Tuesday, 16 July 2013

Financing Health Insurance Coverage: California's Revenue Structure and Options

library Financing Health Insurance Coverage: California's Revenue Structure and OptionsTracy Gordon, Kim Rueben

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California’s health care reform effort may have been one of the first casualties of the national economic downturn. Yet the conditions that gave rise to the initiative did not disappear when the plan failed, and other states are pushing ahead with proposals to expand health coverage. So it remains useful to reflect on the California experience. In particular, it will be helpful to understand the proposed funding sources, how they would have interacted with California’s revenue system, and what alternative funding streams might have withstood the politics of reform. In this policy brief, we analyze the options for financing expanded health insurance coverage in California and offer our own preferred solution in light of the state’s fiscal and political constraints.

California’s health care reform effort, ultimately the ABX1 1 plan put forward by Gov. Arnold Schwarzenegger and Assembly Speaker Fabian Nuñez, failed to survive a critical Senate Health Committee vote in January. A key intervening event was the release of the governor’s budget, which projected a $14.5 billion shortfall in revenues through FY 2009. More recently, the state’s Legislative Analyst projected the shortfall to be $16 billion.

Several lawmakers cited concerns about the state budget as the main reason they rejected the health measure. The Legislative Analyst’s Office also raised questions about funding sources for the plan. Tax increases would have required voter approval, a long shot in the best of times and a near impossibility in a slowing economy.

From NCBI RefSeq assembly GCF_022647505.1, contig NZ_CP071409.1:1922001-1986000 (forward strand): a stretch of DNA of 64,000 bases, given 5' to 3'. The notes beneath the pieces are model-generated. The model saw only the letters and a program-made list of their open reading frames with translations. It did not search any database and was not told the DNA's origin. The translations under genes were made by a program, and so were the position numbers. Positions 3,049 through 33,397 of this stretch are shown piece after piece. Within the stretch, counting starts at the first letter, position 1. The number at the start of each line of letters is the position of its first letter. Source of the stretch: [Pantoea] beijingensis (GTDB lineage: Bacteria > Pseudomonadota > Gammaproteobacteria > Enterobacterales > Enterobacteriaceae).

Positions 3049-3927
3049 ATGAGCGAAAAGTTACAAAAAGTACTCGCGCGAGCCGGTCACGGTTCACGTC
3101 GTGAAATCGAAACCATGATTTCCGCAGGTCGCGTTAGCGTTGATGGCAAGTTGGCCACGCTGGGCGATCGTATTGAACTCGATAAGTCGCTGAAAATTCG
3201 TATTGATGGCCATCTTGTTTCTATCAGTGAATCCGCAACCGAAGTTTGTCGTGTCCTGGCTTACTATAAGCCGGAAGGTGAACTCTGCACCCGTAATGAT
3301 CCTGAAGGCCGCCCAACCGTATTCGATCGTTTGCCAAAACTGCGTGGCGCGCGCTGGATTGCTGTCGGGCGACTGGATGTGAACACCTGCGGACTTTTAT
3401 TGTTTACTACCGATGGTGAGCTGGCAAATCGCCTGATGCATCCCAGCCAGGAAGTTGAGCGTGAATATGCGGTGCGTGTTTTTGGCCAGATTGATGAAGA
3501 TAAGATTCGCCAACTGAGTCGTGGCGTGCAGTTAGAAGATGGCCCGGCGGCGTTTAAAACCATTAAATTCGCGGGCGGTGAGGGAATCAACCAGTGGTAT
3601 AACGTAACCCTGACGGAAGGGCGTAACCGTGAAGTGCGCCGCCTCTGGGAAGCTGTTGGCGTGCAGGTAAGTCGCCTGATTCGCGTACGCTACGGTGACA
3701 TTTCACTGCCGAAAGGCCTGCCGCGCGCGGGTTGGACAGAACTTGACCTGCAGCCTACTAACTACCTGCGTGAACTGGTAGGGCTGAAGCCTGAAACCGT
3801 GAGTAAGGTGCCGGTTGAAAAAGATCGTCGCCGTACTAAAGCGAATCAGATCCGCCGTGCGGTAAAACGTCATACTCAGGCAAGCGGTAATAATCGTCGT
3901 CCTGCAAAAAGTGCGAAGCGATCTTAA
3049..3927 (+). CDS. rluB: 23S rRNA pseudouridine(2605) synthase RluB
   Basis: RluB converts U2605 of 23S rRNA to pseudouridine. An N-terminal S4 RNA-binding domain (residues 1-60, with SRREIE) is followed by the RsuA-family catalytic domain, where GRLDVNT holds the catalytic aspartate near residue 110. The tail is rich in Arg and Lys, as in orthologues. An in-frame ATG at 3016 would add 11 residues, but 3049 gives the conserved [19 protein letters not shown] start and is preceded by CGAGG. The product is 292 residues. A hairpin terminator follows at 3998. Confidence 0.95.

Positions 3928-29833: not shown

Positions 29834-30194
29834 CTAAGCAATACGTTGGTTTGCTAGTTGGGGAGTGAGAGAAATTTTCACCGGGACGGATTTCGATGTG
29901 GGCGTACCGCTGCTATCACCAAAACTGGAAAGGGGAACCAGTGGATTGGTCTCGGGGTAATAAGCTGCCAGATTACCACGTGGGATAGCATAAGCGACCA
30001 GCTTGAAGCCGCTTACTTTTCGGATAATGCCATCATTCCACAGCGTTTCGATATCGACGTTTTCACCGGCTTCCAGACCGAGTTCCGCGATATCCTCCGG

Yet the underlying conditions that made health care reform important to Californians persist. California is home to a disproportionate share of the nation’s uninsured. In 2006, 6.7 million Californians, or 18.5 percent of the state’s population, lacked health insurance at any given time, well above the national average of 15.3 percent. In a study by the Commonwealth Fund, California ranked 39th among the 50 states in health system performance. The state had especially low rankings regarding access, quality, and equity, in large part because of the number of uninsured. With worsening economic conditions, the number of uninsured is likely to rise.

Moreover, Californians continue to support health care reform despite the darkening fiscal environment. A statewide survey conducted in January 2008 found that a majority of state residents (60 percent) as well as a majority of likely voters (53 percent) would support a plan requiring all Californians to have health insurance, with costs shared by employers, hospitals, individuals, and government through a variety of fees and a cigarette tax.

In light of this ongoing support and other states’ coverage initiatives, it is useful to reflect on the California experience. In particular, it will be helpful to understand how California’s specific fiscal and political circumstances affected the prospects for reform, how proposed funding sources would have interacted with California’s current revenue system, and what alternative funding mechanisms would look like.

(End of excerpt. The entire paper is available in PDF format.)


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